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How to Recognize the Deficit Model and What to Do About It

In previous posts, I’ve talked about how students enter the classroom space with unique multi-cultural fingerprints that influence the way they think and learn. In fact, every single person is composed of many different categories that overlap in a unique way to shape their perspectives and viewpoint. Understanding the way this plays out in a classroom and how to create a classroom culture that honors this cultural wealth is a passion of mine.

Within this concept of understanding each unique cultural identity of each child, there is some fundamental ideas that need to be unpacked. The first is the idea of culture. The term culture is most often used synonymously with traditions, often traced back to race and/or ethinicity. And this is a tremendous part of culture, but it is so much more. We must recognize that our age, gender, and life experiences all swirl together to form our lens . In research, we call this positionality and it is incredible important. One of the first steps in a research journey is to identify one’s own positionality that may influence the way the researcher approaches the topic. But this concept also applies to our classroom, and it is imperative that we understand this deeply in order to best serve our children.

Unfortunately, there are some identities a child may have that contribute to what is known as a deficit model. What is a deficit model? A deficit model is usually based on constructs (unspoken contrived ideas) of our society that focuses on what is “normal” for that society. Any identity that strays outside of that norm is perceived (incorrectly) as a deficit. Thus the deficit model, of which there are two types:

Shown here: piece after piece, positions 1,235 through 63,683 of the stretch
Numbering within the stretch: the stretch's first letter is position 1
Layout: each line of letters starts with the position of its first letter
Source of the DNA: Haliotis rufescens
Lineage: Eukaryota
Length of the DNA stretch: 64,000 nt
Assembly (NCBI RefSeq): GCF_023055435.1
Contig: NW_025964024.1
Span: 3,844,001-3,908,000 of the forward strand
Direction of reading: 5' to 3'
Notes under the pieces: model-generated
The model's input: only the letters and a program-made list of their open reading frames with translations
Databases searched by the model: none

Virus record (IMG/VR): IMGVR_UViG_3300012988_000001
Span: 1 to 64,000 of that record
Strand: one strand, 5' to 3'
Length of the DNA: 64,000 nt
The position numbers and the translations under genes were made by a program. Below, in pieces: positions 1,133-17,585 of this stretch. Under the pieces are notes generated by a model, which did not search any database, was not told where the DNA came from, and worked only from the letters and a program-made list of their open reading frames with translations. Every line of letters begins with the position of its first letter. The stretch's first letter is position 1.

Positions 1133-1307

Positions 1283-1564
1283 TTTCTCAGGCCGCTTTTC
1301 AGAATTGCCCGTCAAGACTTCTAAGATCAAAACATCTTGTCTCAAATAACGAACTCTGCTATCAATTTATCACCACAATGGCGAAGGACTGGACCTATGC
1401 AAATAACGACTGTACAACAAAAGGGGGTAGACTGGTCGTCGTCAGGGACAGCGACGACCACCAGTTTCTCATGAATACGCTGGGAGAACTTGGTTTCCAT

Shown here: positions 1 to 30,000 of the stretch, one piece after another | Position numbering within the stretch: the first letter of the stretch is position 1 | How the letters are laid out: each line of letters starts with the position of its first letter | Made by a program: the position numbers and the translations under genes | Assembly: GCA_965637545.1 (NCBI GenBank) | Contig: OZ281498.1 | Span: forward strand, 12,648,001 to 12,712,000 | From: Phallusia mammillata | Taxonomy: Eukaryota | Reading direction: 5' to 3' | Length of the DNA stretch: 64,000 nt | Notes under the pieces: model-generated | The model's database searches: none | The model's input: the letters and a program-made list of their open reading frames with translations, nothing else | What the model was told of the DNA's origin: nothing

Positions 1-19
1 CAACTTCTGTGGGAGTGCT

1.Where an emphasis is placed on a child’s challenges rather than their strengths. We do this all the time when we make sure that students who are struggling get extra support, but do not take time to focus on strengths of that same child.

2. Where part of a child’s identity is perceived in a way that prevents them from accessing certain aspects of educational opportunity. Research indicates that boys are much more likely to receive a designation of “Special Ed.” That increases substantially if the boy is black. Additionally, there is a huge lack of representation of our minority communities in the Gifted and Talented Programs, often because they may access the curriculum differently or be “perceived” differently. As these students make their way through our educational halls, they often encounter discouragement from taking advanced placement courses. Unacceptable.

Join me tomorrow, where I will discuss ways you can make a impact in your own classroom and school. And if you are interested in a presentation at your educational institution, please contact me at deanna@deannawestedt.com. I am passionate about depth of knowledge equity for our children!

When you teach, you touch the future and that’s a pretty amazing place to be!